LAS VEGAS--While teams of people worked through the night to get their booths looking pretty--or at least not pretty awful-- there were some who could lounge a little and be glad that all they had to do was sip a little wine.
Fortunately, I was allowed to be embedded with them--in the Iraq sense, you understand--in order to get an understanding of just how these devious minds saw CES 2012.
When I speak of these devious minds, I do not even think of Justin Bieber's management team. No, I bow in reverence to those whose jobs it is to read patents and then wander around CES in search of one that might have been transgressed.
Alright, I bow in angst as well as reverence, because I cannot imagine wandering around an aircraft hangar-sized collection of stalls in search of something new that might lead to something to sue.
But these gentlemen are patent experts who could happily trade their skills to the trolls or to companies who need to protect themselves from the trolls.
"Patent trolls don't read patents," explained Martin, a jovial man of many words. Patent trolls are often mere lawyers who think if they get close enough to something that can earn them money, they'll slap a lawsuit in there and see how it sticks.
The people who actually read the patents are engineers--engineers who went over to the dark side. Tonight I had dinner with two--Daniel, who seems to be the deity of all things mobile, and Martin, who delights in networks and semiconductors. (Of course those aren't their real names. These people are close to a lot of lawyers.)
They're here at CES to catch someone out. Or, perhaps, to warn someone of impending legal doom engendered by a patent that happened to be registered in, say, 2005.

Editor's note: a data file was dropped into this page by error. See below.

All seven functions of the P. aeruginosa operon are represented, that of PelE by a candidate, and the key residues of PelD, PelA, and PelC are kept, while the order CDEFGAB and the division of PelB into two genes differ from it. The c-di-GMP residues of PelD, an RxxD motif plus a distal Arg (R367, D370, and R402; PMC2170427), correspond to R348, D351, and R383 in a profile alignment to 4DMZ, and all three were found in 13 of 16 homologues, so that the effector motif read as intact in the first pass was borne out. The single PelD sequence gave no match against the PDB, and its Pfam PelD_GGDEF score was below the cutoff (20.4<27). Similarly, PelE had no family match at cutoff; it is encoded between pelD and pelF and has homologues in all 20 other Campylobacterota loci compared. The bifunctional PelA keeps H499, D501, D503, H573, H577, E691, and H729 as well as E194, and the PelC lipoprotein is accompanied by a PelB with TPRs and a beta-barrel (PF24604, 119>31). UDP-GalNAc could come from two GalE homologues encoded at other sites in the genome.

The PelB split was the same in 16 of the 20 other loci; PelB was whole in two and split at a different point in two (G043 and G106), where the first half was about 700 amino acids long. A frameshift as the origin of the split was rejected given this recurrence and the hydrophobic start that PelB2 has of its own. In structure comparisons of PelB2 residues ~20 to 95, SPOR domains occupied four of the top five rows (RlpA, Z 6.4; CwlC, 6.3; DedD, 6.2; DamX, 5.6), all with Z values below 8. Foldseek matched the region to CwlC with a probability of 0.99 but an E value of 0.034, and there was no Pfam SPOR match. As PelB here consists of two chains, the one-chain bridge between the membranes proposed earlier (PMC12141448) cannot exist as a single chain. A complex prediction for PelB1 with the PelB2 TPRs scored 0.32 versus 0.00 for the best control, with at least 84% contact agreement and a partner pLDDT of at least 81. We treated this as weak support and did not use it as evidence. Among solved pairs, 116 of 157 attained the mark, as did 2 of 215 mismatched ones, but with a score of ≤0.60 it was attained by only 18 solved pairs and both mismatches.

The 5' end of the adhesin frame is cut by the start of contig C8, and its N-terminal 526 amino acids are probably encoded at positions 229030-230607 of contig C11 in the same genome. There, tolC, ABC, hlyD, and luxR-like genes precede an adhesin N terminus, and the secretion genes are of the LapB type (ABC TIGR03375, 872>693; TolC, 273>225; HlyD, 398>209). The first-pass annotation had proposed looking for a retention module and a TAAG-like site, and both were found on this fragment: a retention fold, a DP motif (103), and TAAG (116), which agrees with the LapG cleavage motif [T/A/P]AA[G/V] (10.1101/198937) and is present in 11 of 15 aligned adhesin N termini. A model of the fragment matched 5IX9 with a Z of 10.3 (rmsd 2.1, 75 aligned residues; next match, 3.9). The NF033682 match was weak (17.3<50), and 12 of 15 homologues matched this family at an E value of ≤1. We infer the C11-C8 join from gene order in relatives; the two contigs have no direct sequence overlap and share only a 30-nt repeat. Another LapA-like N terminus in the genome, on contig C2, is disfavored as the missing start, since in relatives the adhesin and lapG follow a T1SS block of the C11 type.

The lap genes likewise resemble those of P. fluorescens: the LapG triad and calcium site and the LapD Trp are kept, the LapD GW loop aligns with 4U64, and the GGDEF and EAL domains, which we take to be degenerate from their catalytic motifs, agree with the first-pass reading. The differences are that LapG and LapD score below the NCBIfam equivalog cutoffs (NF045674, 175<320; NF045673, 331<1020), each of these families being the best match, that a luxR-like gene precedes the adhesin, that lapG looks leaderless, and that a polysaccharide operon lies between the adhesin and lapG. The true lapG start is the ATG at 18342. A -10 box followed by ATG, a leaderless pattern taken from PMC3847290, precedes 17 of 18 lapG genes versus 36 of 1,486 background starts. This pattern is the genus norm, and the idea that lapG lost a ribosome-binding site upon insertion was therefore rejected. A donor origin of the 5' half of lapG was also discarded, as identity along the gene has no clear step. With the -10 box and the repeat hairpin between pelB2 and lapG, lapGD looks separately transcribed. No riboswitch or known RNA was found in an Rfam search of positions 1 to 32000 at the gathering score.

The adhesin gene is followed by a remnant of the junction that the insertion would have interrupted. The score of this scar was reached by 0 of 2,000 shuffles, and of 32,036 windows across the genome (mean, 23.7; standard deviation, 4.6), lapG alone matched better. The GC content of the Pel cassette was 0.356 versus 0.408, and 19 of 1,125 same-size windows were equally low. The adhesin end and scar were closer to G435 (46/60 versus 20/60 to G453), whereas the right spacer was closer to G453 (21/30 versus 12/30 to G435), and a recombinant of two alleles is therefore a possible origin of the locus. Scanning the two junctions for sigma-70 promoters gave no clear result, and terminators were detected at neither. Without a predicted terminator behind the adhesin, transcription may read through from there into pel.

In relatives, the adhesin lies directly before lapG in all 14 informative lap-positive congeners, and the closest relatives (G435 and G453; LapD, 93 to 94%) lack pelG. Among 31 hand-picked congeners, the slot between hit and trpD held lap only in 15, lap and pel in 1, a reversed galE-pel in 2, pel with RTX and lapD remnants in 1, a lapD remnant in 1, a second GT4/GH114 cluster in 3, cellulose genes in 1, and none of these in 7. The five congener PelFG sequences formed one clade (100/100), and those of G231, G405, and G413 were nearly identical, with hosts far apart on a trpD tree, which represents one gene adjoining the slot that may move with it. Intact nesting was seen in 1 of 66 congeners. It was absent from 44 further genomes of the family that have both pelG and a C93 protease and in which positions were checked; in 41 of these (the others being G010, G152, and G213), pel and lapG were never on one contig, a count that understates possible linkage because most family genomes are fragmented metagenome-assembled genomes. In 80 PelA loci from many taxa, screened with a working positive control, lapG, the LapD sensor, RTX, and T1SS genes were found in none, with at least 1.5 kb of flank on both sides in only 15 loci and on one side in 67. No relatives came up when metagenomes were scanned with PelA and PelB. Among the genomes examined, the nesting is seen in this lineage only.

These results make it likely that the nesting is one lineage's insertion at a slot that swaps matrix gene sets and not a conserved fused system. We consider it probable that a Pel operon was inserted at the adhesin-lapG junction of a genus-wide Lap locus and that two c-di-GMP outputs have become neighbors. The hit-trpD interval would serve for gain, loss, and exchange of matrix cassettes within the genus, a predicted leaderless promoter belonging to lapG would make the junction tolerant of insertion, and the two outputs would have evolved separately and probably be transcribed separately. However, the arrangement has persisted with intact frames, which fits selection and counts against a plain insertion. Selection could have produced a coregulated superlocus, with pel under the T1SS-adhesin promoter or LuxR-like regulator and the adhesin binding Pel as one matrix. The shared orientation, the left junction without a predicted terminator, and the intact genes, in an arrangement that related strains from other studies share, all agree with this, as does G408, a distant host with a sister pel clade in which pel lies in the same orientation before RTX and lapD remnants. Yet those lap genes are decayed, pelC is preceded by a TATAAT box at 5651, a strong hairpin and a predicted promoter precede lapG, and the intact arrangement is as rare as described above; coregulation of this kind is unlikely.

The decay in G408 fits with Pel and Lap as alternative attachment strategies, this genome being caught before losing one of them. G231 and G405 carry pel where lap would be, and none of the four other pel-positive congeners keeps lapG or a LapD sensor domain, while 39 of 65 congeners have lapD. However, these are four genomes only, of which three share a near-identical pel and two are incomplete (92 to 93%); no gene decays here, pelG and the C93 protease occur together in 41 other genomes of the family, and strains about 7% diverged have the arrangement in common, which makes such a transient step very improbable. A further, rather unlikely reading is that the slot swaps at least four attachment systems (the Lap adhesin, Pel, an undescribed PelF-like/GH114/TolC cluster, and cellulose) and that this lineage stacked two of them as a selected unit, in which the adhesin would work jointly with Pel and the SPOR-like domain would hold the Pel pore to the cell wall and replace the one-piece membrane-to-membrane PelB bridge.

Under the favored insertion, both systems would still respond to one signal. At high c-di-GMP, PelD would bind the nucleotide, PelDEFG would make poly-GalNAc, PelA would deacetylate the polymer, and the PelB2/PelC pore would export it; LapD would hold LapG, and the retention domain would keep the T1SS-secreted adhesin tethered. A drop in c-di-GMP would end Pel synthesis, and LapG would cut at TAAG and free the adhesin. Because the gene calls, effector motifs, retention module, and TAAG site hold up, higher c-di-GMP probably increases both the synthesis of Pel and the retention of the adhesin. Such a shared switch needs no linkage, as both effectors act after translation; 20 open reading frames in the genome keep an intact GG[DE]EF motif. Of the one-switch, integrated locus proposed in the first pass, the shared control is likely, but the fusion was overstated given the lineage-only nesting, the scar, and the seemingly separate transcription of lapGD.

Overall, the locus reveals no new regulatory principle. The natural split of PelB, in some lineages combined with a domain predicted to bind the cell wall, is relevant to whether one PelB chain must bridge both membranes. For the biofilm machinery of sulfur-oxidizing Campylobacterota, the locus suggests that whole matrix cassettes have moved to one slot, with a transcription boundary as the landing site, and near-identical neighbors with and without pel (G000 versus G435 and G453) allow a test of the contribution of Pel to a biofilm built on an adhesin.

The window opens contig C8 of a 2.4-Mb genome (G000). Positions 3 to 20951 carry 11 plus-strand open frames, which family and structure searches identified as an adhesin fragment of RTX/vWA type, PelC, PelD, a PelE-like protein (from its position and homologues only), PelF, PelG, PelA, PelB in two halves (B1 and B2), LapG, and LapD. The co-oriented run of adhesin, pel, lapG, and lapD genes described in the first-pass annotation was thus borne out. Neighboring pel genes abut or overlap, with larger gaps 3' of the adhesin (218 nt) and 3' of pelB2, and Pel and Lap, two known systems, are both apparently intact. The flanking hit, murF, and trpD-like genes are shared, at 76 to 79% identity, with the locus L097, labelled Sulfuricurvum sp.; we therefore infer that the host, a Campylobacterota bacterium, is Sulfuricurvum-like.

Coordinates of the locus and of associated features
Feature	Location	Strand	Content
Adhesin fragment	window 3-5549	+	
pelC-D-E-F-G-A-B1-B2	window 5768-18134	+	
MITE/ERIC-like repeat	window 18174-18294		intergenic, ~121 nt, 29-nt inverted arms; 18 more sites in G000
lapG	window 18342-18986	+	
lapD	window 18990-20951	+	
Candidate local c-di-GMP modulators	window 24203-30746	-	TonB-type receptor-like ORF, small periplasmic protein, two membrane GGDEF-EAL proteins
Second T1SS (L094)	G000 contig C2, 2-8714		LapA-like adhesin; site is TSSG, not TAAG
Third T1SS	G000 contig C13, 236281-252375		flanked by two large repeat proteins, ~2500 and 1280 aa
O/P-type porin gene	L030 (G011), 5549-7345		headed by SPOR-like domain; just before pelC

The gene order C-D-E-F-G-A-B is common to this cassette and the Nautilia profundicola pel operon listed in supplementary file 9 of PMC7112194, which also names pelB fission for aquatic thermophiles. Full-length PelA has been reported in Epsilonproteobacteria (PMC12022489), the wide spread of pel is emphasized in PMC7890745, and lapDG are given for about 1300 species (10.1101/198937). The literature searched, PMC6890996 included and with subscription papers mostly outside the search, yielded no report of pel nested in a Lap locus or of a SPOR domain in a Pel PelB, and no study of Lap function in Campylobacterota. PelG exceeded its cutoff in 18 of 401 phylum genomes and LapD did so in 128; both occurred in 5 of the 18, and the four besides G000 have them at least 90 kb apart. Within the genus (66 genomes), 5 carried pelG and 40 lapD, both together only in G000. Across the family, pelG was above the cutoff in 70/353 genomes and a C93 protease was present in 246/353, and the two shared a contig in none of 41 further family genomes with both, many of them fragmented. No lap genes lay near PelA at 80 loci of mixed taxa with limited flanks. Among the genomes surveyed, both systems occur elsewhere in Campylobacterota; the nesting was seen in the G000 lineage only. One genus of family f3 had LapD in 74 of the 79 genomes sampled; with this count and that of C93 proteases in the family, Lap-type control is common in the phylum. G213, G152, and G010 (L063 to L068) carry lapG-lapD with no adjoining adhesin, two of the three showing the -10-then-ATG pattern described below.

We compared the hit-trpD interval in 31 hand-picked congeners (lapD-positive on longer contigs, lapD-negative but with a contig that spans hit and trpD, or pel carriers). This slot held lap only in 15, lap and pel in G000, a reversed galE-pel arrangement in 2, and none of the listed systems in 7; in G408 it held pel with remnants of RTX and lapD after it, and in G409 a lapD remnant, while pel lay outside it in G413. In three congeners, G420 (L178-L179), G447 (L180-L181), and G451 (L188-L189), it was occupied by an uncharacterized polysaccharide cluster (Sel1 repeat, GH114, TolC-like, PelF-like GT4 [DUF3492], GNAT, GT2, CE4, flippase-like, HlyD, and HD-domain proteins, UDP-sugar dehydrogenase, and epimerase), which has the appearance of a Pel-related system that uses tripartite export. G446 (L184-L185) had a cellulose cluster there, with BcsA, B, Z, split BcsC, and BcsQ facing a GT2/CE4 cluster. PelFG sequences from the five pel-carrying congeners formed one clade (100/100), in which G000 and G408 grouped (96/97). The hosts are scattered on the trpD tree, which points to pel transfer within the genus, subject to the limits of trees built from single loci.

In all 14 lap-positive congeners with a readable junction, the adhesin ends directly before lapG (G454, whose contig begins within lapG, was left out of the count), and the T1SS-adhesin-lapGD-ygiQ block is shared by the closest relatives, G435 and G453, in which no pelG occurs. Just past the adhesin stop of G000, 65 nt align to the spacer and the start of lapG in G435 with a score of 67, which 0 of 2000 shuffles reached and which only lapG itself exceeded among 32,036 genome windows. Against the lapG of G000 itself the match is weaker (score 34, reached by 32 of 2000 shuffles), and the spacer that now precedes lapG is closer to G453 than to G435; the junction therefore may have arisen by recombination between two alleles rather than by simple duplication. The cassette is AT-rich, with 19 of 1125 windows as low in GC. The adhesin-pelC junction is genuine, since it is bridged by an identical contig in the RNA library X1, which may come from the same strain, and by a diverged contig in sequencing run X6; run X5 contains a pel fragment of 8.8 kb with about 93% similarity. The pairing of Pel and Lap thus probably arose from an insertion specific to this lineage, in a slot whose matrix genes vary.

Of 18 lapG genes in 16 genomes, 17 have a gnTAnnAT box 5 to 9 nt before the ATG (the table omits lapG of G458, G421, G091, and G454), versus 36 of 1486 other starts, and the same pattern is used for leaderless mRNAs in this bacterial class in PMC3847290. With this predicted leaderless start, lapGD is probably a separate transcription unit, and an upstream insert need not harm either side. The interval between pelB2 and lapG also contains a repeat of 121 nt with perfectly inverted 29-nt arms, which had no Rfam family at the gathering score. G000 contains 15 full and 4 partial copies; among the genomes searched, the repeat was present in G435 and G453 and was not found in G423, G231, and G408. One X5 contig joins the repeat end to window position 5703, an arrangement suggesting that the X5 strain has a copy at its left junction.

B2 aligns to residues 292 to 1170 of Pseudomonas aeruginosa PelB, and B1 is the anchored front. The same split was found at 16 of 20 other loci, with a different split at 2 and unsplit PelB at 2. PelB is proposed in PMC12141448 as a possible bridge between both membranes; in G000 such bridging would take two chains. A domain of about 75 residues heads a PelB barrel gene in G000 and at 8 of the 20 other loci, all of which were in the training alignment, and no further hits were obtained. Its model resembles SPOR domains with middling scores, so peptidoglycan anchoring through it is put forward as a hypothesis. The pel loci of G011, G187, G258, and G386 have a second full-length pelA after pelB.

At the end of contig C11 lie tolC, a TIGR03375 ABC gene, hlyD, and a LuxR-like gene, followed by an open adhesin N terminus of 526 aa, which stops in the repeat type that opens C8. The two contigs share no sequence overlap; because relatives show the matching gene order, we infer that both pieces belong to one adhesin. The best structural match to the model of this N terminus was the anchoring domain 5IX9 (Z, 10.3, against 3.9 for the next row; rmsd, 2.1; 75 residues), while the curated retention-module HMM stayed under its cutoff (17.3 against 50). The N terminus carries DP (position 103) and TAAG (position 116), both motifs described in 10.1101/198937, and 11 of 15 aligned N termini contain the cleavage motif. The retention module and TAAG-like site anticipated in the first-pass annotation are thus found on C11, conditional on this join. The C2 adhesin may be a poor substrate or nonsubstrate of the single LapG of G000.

I asked them if they really wandered around the halls of CES 2012 and examined everything--rather than, perhaps, get up late, have a leisurely breakfast, a first martini, and a flutter on Bust My Gut in the 12:30 at Philadelphia Park.
I misjudged them (a little). They're really serious about patents. They know patents. They spend "at least three days a week" reading patents.
Just imagine how good Hollywood movies would be if producers read scripts three times a week. (An idle thought. Producers can't read.)
How did these bizarrely engaging humans decide that reading patents was more interesting than the engineer's usual joy--building things?
"Engineers often only build things in theory. You can be working on one specific thing for many, many months or even years," explained Daniel. "Then that thing doesn't get produced. So you've done nothing."
Martin butted in: "Reading patents, coming here to CES, I feel like I'm learning all the time. And I'm dealing with things that are happening now. Really happening, as opposed to might never happen."
But isn't there something just slightly sleazy about this patent business? It seems as if companies such as Apple and Google are spending much of their time buying patents or making sure that others can't get hold of them.
I think these two know they're living and working in the gray area. But if you're an engineer who enjoys reading patents--as these two seem to--you can really get paid quite well. Which tends to add, one suspects, to the enjoyment.
I wondered whether they expected to find something new (and sue-able) among the latest ultrabooks, ultra-thin phones, and ultra-ambitious other gadgets that might be littered about the thousands of CES booths.
They began to shake their heads. Then Daniel said: "But you never know, do you?"
After a fine dinner at Jose Andres' Jaleo, did they slink off to bed, in order to be fresh for their morning's sleuthing of phone designs and other fancy stuff?
Not quite. They were off to the craps table.
Because you never know, do you?